My next book, Bikenomics: How Bicycling Can Save the Economy, comes out December 1st. I gave a talk at the Portland Art Museum on July 14th as part of a panel on the topic—here’s a version of what I read, an edited excerpt from the book.
The American Automobile Association publishes a report every year on the cost of driving. In 2013, they calculate that the average cost of driving a new sedan for the year is $9,122. This cost includes based on car payments, insurance, maintenance, new tires, license, registration, and gas at current prices. It does not include parking… or parking tickets.
One of the largest expenses they include—$3,500—is depreciation. I didn’t understand this cost until recently and assumed that it was being used to inflate their estimates. But the more I learn, the more I realize that this is the most important line item on their list.
When you buy a new car and drive it off the lot, it begins to lose value. If you want to turn around and sell it the next day, you’ll get back considerably less money than you just spent—maybe only half as much, depending on the vagaries of the used car market. We make other investments, like houses—or unique bicycles like the ones at this exhibit—with the understanding that they will keep their value or even grow in value, producing wealth in the long run. When this doesn’t happen, it causes poverty, and when it begins to systematically not happen, as has been occurring since the recession began in 2008, it is a national crisis.
In this way, a car has never been a good investment—no matter how good the car, or how well you care for it and how much utility and enjoyment you get from using it, you end up losing money in the long run.
Depreciation is, for many individual consumers a hidden cost. But any responsible accounting of the costs of driving includes it as one of the largest associated with car ownership. The fact that such a large and unprofitable investment is necessary to living and working in most areas of this country is a major source of poverty and failure to get ahead for people and families, and is a hidden source of poverty on a national scale.
The same exact principle is at work in our road system.
It’s depreciation at the societal level. It’s irresponsible not to plan for it, but we do not. A freeway, once built, immediately begins to deteriorate and become congested, it loses its ability to provide the jobs that often were much of the argument for building it in the first place.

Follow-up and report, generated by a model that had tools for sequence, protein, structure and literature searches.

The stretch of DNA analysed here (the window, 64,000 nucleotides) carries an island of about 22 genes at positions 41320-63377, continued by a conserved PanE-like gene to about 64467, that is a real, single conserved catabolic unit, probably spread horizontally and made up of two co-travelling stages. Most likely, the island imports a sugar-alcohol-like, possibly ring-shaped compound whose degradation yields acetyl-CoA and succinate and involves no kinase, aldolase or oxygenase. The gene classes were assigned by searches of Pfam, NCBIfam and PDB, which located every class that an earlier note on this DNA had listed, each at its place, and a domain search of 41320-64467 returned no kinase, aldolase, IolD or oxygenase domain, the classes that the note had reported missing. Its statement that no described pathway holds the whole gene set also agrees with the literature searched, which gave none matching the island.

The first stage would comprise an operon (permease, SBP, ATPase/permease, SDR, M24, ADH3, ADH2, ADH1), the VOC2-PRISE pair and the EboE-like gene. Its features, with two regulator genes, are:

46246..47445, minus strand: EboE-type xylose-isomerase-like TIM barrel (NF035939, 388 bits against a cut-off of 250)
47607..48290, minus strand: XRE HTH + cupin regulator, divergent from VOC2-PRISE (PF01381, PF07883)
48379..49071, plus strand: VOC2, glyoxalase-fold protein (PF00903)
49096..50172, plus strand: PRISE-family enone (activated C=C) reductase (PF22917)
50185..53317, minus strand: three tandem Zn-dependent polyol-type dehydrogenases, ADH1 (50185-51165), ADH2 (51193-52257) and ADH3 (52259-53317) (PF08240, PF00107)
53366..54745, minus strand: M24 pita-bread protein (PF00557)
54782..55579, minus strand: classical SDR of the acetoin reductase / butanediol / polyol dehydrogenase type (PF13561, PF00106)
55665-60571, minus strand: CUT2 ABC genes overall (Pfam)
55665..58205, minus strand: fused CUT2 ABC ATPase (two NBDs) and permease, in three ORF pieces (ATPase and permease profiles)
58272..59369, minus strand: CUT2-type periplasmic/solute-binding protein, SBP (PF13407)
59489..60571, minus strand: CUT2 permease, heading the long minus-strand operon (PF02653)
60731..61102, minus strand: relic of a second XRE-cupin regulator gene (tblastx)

Road projects are sold to politicians and the public based on their sticker price alone. The long term cost of investing in a large new freeway is far deeper and farther reaching than the decision of a middle-income American to spring for the fully-loaded truck with four wheel drive when even a smaller, more fuel efficient car would be a drain on their finances.
In fact, drawing a connection between the impoverishing effects of car ownership and road building is more than just a metaphor. By rights, we should include the costs of driving paid by individuals when we account for the total costs of road projects, as these private investments are another level of subsidy. Train tracks would be useless without investing in trains to run on them; roads require that the users of the transportation system personally pay for the vehicles which are necessary for the system to work. This is perhaps at the heart of the sense many people have that bicyclists do not pay their way: The roads we use are often the same, but the personal investment required to use them is nearly nothing. This knowledge surely must feel deeply unfair.
And so it is—but that unfairness is not the doing of people riding bikes. The trap of cars and roads is a strong one—and the consequences are not evenly distributed. When you ride a bicycle, you escape it. There are other prices you may pay—opportunities are lost as well as gained—but many find that it is worth it, and as more people take to two wheels and our streets change to make room for them, it only gets better.
Just as roads and cars necessarily operate at a net negative, losing money for their entire lifespans, bicycling and bicycle infrastructure produces a net positive return. This goes beyond simple accounting. Many of the opportunities lost while sitting in a car are gained on a bike. Fitness, health, financial solvency, and pleasure are personal examples—on a societal level, it’s about the integrity of our common resources and and the existence of our civil society.
The Bikenomics book draws its inspiration from a 40 page zine I wrote in 2011, with a similar title, which you can find here. The book itself comes out December 1, 2013. You can possibly get one before the release date, as soon as they’re printed, by pre-ordering a copy here.